As Brexit Is Triggered, JK Rowling Has Wistful Tweet
Two-year clock is ticking to reach a deal on UK's exit from European Union
By John Johnson,  Newser Staff
Posted Mar 29, 2017 10:56 AM CDT
EU Council President Donald Tusk holds the historic letter from Britain's Theresa May.   (AP Photo/Olivier Matthys)
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(Newser) – On March 29, 2019, Britain will no longer be a member of the European Union. That's the schedule, at least, now that Prime Minister Theresa May has notified the EU of the United Kingdom's decision to exit and set in motion a two-year clock to negotiate the details. "This is an historic moment from which there can be no turning back," said May. A look at Brexit coverage:

  • "We already miss you. Thank you and goodbye." That's what the president of the European Council said in response to May's letter, reports the Telegraph. It prompted JK Rowling (a Brexit opponent) to tweet, "When your ex is so noble about the break up you'd almost rather they threw a drink in your face."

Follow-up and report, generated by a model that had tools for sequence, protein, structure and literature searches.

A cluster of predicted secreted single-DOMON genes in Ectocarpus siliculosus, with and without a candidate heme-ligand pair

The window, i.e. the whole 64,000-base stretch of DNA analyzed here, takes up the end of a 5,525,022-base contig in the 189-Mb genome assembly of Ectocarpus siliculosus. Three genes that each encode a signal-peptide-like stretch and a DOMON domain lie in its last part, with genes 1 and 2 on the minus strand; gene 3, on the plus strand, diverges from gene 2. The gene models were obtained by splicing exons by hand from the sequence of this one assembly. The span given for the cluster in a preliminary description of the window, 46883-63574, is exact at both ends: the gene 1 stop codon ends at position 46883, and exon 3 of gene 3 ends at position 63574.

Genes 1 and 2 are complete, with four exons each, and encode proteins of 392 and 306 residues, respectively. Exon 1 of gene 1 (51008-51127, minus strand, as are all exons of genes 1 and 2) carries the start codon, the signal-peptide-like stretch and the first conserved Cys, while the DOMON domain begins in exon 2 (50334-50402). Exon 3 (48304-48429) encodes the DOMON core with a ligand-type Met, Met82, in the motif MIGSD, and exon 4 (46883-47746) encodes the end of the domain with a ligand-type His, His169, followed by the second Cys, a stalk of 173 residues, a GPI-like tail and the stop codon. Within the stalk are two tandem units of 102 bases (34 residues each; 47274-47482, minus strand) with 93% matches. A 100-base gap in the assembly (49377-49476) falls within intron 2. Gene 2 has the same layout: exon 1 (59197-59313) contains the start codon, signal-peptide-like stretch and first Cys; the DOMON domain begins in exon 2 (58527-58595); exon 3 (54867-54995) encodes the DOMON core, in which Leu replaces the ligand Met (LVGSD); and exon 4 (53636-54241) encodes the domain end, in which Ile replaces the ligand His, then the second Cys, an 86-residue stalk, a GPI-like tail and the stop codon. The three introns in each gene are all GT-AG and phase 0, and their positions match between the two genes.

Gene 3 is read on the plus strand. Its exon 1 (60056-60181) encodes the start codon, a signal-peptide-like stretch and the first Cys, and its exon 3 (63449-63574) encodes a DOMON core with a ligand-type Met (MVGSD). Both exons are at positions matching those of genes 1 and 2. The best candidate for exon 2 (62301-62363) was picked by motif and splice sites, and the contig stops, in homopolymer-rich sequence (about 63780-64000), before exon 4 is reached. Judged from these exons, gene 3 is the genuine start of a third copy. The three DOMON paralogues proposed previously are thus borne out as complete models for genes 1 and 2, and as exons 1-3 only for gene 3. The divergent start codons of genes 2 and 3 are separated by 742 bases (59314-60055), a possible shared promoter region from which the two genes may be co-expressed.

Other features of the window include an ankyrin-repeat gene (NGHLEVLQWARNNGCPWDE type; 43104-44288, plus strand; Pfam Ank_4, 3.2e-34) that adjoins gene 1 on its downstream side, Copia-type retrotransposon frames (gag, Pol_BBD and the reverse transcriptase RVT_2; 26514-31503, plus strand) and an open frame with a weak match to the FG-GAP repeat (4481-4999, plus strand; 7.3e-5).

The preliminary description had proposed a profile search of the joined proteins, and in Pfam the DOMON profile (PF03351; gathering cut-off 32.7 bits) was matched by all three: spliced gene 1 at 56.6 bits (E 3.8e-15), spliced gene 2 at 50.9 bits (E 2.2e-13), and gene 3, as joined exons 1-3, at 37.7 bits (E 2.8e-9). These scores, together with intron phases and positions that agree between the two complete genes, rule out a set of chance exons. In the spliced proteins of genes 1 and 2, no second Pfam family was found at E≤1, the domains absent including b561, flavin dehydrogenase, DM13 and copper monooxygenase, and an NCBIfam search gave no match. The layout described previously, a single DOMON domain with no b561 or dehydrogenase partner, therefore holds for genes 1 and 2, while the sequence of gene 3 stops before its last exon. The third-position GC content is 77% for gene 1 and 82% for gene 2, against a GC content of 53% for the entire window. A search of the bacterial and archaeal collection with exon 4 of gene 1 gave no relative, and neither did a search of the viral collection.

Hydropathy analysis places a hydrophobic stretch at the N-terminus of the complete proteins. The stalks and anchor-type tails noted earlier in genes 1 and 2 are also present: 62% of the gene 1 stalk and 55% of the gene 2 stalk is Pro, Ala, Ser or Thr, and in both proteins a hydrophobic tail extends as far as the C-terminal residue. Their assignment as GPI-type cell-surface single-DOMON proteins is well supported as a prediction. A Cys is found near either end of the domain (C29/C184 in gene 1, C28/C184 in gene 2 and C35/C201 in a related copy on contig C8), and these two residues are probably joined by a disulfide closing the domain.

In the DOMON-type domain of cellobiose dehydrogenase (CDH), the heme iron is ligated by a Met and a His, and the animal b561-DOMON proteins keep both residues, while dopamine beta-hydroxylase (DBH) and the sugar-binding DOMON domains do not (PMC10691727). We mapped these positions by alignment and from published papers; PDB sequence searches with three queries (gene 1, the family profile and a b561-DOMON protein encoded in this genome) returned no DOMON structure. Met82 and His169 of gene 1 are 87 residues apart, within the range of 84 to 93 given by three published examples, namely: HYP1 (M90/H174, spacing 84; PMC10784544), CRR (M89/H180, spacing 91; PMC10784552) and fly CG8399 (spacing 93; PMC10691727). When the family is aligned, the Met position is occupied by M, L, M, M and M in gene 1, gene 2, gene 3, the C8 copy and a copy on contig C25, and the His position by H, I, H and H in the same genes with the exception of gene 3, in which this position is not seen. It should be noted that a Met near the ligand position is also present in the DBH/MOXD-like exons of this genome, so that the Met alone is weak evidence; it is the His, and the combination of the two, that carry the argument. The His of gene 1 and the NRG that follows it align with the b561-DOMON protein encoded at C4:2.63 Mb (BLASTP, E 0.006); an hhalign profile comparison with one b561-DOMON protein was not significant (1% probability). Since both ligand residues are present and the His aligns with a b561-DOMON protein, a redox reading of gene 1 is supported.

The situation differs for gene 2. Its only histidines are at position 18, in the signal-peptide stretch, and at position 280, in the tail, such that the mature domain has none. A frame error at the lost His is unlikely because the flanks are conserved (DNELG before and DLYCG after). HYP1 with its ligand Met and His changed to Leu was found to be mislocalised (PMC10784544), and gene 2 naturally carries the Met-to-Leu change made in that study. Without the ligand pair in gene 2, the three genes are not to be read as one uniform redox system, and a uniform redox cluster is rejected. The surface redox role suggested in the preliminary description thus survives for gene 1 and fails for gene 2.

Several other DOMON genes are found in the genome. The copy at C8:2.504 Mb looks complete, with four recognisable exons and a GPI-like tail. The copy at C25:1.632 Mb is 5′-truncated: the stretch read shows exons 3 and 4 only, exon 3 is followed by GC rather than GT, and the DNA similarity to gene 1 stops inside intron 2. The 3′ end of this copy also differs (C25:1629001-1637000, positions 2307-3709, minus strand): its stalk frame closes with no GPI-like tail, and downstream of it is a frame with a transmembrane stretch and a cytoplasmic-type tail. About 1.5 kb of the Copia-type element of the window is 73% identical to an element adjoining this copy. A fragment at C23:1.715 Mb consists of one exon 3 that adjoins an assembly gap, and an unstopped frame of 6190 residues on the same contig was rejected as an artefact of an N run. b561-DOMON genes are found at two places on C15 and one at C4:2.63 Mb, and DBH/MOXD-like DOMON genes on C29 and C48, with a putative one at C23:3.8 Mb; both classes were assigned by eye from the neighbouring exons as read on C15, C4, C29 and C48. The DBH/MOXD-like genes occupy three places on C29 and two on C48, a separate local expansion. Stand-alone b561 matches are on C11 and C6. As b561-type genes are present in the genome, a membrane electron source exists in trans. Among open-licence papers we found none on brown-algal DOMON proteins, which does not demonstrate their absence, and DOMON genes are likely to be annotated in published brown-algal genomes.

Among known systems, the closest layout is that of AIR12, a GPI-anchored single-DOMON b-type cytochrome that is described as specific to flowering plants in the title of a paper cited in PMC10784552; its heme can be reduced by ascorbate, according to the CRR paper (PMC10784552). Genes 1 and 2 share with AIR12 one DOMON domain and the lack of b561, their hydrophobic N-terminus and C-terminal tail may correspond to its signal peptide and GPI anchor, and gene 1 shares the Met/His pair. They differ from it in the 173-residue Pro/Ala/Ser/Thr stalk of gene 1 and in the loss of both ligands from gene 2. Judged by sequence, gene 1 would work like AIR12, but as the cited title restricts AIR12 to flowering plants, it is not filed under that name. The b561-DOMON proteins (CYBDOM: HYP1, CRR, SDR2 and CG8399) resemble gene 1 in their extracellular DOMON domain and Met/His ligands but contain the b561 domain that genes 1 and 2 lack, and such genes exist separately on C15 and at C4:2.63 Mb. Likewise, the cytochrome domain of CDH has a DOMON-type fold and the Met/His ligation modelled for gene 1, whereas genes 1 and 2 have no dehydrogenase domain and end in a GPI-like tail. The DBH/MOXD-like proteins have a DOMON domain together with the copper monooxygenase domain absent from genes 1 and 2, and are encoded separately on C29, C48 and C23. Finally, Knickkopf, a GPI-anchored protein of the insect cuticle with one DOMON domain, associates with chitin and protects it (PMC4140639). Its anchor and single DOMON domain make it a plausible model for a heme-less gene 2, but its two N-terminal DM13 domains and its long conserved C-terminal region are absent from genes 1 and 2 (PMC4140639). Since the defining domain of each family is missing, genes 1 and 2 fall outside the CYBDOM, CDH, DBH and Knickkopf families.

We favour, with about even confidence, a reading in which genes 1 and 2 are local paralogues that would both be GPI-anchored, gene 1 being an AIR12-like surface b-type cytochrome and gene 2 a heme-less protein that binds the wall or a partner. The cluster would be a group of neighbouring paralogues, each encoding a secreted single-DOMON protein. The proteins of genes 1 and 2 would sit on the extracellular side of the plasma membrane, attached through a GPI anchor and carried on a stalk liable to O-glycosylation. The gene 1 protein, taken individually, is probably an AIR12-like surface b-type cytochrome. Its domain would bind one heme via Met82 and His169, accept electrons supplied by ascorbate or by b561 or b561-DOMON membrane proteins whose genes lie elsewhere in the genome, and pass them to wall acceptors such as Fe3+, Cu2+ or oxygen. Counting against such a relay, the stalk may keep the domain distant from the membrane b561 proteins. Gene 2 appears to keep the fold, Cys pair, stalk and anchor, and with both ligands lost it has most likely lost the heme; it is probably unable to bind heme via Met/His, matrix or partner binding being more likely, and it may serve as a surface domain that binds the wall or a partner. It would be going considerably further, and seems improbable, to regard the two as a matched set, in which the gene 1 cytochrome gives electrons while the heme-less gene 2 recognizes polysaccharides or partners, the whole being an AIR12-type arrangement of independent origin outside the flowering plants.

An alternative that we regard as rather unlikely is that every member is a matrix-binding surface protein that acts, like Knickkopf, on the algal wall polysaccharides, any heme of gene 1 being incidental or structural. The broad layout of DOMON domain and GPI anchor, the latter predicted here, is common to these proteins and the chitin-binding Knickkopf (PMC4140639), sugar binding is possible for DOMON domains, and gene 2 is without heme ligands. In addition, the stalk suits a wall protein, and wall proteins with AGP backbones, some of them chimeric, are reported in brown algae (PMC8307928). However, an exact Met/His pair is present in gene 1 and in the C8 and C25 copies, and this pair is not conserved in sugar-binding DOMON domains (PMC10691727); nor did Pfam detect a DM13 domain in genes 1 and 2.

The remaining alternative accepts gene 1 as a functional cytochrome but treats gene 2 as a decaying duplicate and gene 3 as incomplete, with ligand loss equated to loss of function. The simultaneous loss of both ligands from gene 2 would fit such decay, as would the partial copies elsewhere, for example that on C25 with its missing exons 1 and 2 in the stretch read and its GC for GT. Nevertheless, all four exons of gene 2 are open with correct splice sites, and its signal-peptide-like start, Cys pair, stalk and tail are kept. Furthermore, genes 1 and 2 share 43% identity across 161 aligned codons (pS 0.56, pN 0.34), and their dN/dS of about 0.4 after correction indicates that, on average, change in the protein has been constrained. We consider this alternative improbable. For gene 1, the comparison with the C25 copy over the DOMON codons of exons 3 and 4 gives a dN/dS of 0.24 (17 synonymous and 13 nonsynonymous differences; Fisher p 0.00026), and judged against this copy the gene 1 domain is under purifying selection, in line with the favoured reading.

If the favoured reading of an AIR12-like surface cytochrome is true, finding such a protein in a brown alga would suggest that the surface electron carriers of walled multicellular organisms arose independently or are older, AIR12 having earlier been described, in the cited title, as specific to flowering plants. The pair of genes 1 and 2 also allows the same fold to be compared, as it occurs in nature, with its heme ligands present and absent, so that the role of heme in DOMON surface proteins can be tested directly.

• History buffs, here is the actual letter signed by May.
  • Don't expect real negotiations to begin on the exit until fall 2017 because of pivotal elections in France and Germany. The Washington Post has a what's-next feature.
  • If no deal on the particulars is reached, Britain will still leave, an outcome being called a "hard Brexit." Vox explains why that would be a "disaster."

  • CNN has a 50-item list of issues that must be hammered out, including figuring out an immigration system that will allow British citizens to work and travel in the EU and vice versa.
  • Time answers 42 questions, including whether the queen can step in and halt the process. The answer? Technically yes, but don't hold your breath.
  • Politico looks at coverage in European papers, with perhaps the most striking front page being the Guardian's jigsaw puzzle. See it here. (The Irish, meanwhile, think the newspaper screwed up its map, as the Irish Independent explains.)
  • Brexit means the EU's hope of being a superpower is done, per an analysis at MarketWatch. It's the US and China now.
  • Meanwhile, Scotland wants out of the UK. Its parliament voted to hold another referendum on independence relatively quickly, though May, who must sign off, opposes the idea. The New York Times reports on the tussle.
  • Nature talks to eight researchers whose work has been upended by Brexit.

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